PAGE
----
– More than 700 rdf_Descriptions crossed the auction block during an exciting two-day Summer Americana sale at Knotty Pine over the weekend of July 26-27. The sale featured a huge collection of fire related material on Saturday, including fireman’s helmets, fire buckets and toys, and a large assortment of Americana on Sunday.
Auction gallery owner John Pappas commented that he was extremely pleased with the outcome of the sale and said that the gallery was subject to an enormous amount of phone and absentee bidding. The auctioneer stated that a crowd of roughly 150 was on hand for Saturday’s specialty session, while a standing-room-only crowd made its way to the gallery for Sunday’s Americana session.
The top lot of the fire memorabilia was a 14-inch sterling presentation trumpet from Dorchester, Mass., that was engraved and dated 1855. The lot was subject to numerous absentee bids and heavy phone action with it selling after stiff competition from the gallery at $5,720.
Fire buckets attracted a great deal of attention with a nice pair of leather buckets marked “Varrell” and dated 1812 commanding the top price. The buckets, decorated with swags and stars sold after active bidding for $4,675. A paint decorated bucket from the State House did well selling at $2,750, an early bucket from Lexington, Mass., brought $2,530, and a bucket from Ipswich sold at $1,650.
Fire related toys also brought strong prices with a large handmade ladder truck selling for $2,200, a smaller and more elaborate ladder truck also brought $2,200, a cast-iron, horse-drawn pumper $1,540, and a squirrel-tail hand-pumper fire engine realized $1,925.
A pair of brass fire engine side lamps with ruby glass did well at $1,100, a brass presentation trumpet dated 1851 brought $1,825, and a an oil cloth duck-bill, hand painted parade cap went out at $1,100.
Other top lots included the beaver-front shield holder from a helmet that was hammered down at $1,760, a child’s wooden sled with hand pumper painted decoration $1,595, a fire trumpet marked “Charlestown,” $1,760, a fireman’s belt and helmet $990, and a six-inch Gamewell fire bell sold at $1,017.
The top lot of the session came as a surprise to many in the room as a Native American basket or tray with swirling pinwheel decoration was offered. The basket, measuring 18 inches in diameter, was thought by the gallery to be Apache in origin. Pappas commented that as soon as the ads broke, the phones started ringing regarding many of the pieces, but especially the basket. The auctioneer stated that calls came in from all around the country with requests for images and to reserve phone lines. Numerous absentee bids caused the lot to open high, but active bidding from the telephones and the gallery saw the price pushed to $22,000.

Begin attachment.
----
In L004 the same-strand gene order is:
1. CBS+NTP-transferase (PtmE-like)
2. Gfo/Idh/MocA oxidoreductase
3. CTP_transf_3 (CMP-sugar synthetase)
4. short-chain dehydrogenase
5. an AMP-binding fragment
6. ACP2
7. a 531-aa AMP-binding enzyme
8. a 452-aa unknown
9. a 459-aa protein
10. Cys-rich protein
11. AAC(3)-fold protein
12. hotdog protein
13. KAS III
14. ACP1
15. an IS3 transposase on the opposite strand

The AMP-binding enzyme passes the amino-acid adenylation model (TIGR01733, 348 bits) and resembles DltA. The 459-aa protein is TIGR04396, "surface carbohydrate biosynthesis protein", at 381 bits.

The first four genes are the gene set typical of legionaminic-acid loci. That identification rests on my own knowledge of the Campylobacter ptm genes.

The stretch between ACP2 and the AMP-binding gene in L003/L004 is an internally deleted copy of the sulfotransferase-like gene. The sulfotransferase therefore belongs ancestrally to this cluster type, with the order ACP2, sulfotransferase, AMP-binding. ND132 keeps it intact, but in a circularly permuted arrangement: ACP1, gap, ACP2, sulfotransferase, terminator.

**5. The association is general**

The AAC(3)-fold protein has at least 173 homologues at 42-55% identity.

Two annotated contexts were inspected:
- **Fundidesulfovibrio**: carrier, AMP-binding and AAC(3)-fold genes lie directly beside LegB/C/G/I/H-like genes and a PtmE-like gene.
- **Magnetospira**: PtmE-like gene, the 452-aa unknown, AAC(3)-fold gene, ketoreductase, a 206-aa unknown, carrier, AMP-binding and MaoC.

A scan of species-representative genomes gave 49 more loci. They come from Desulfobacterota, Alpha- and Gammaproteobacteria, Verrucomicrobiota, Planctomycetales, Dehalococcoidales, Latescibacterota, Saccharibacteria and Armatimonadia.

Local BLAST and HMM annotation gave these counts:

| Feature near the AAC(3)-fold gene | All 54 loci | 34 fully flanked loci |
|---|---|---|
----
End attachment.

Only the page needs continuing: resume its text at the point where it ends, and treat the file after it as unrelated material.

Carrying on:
Another rdf_Description in the sale that attracted quite a bit of attention was a Nineteenth Century folk art portrait of a young child and a dog that was signed on the reverse “Pt. By H.J. Tyler, 1833.” The good-looking portrait had been consigned from a private Connecticut folk art collection and provenance stated that it had originally been purchased directly from a local home 12 years ago. The painting opened with crossing absentee bids at $13,000 and moved rapidly in $500 increments between New Hampshire dealer Betty Willis, seated in the front row of the gallery, and a bidder on the telephone. Bids bounced back and forth between the two with Willis eventually claiming the lot at $18,150.
The selection of furniture was led by a nice Federal tiger maple, slant front desk with fan carved interior that sold after active bidding at $8,800. A small tavern table with single drawer and stretcher base also did well hammering down at $3,630, while a continuous arm Windsor in old black paint realized $1,980.
A country Sheraton swing leg, drop leaf table went for $1,650, a two-door jelly cupboard with cutout base in blue paint brought $1,650, a Hepplewhite mahogany card table $1,265, and a Sheraton dressing table realized $2,035. A nice Sheraton three-drawer over two-door jelly cupboard was actively bid with it selling for $2,200, a blind front, step back cupboard in old paint $2,200, and a Pennsylvania kitchen table with tapered legs realized $1,100.
A nice Eighteenth Century presentation silver creamer attracted the attention of several dealers. The piece, presented to Lt Richard Brown of the New York State Artillery, was hallmarked by William Farris, Annapolis, Md., and sold for $2,530. A nice small early American tea pot signed “Curry and Preston, Philadelphia,” also did well bringing $495.
Other rdf_Descriptions of interest included an early tin wall sconce with three candleholders that was actively bid to $1,275, a painted Parcheesi board with hearts $1,320, a carved Bellamy-style eagle $1,760, a watercolor family register from Vermont $1,100, and a cast-iron mechanical bank of a mule in a barn realized $1,402. A large Staffordshire soup tureen with Boston State House decoration did well despite a professional repair at $1,210, while a Staffordshire covered vegetable bowl with “City of Canterbury” decoration realized $660.
Prices include the ten percent buyer’s premium charged. The next auction at Knotty Pine will be a general estate sale on August 11. For further information contact John Pappas, Gallery at Knotty Pine Auction Service, Route 10, West Swanzey, NH 03469, or call 603-352-2313.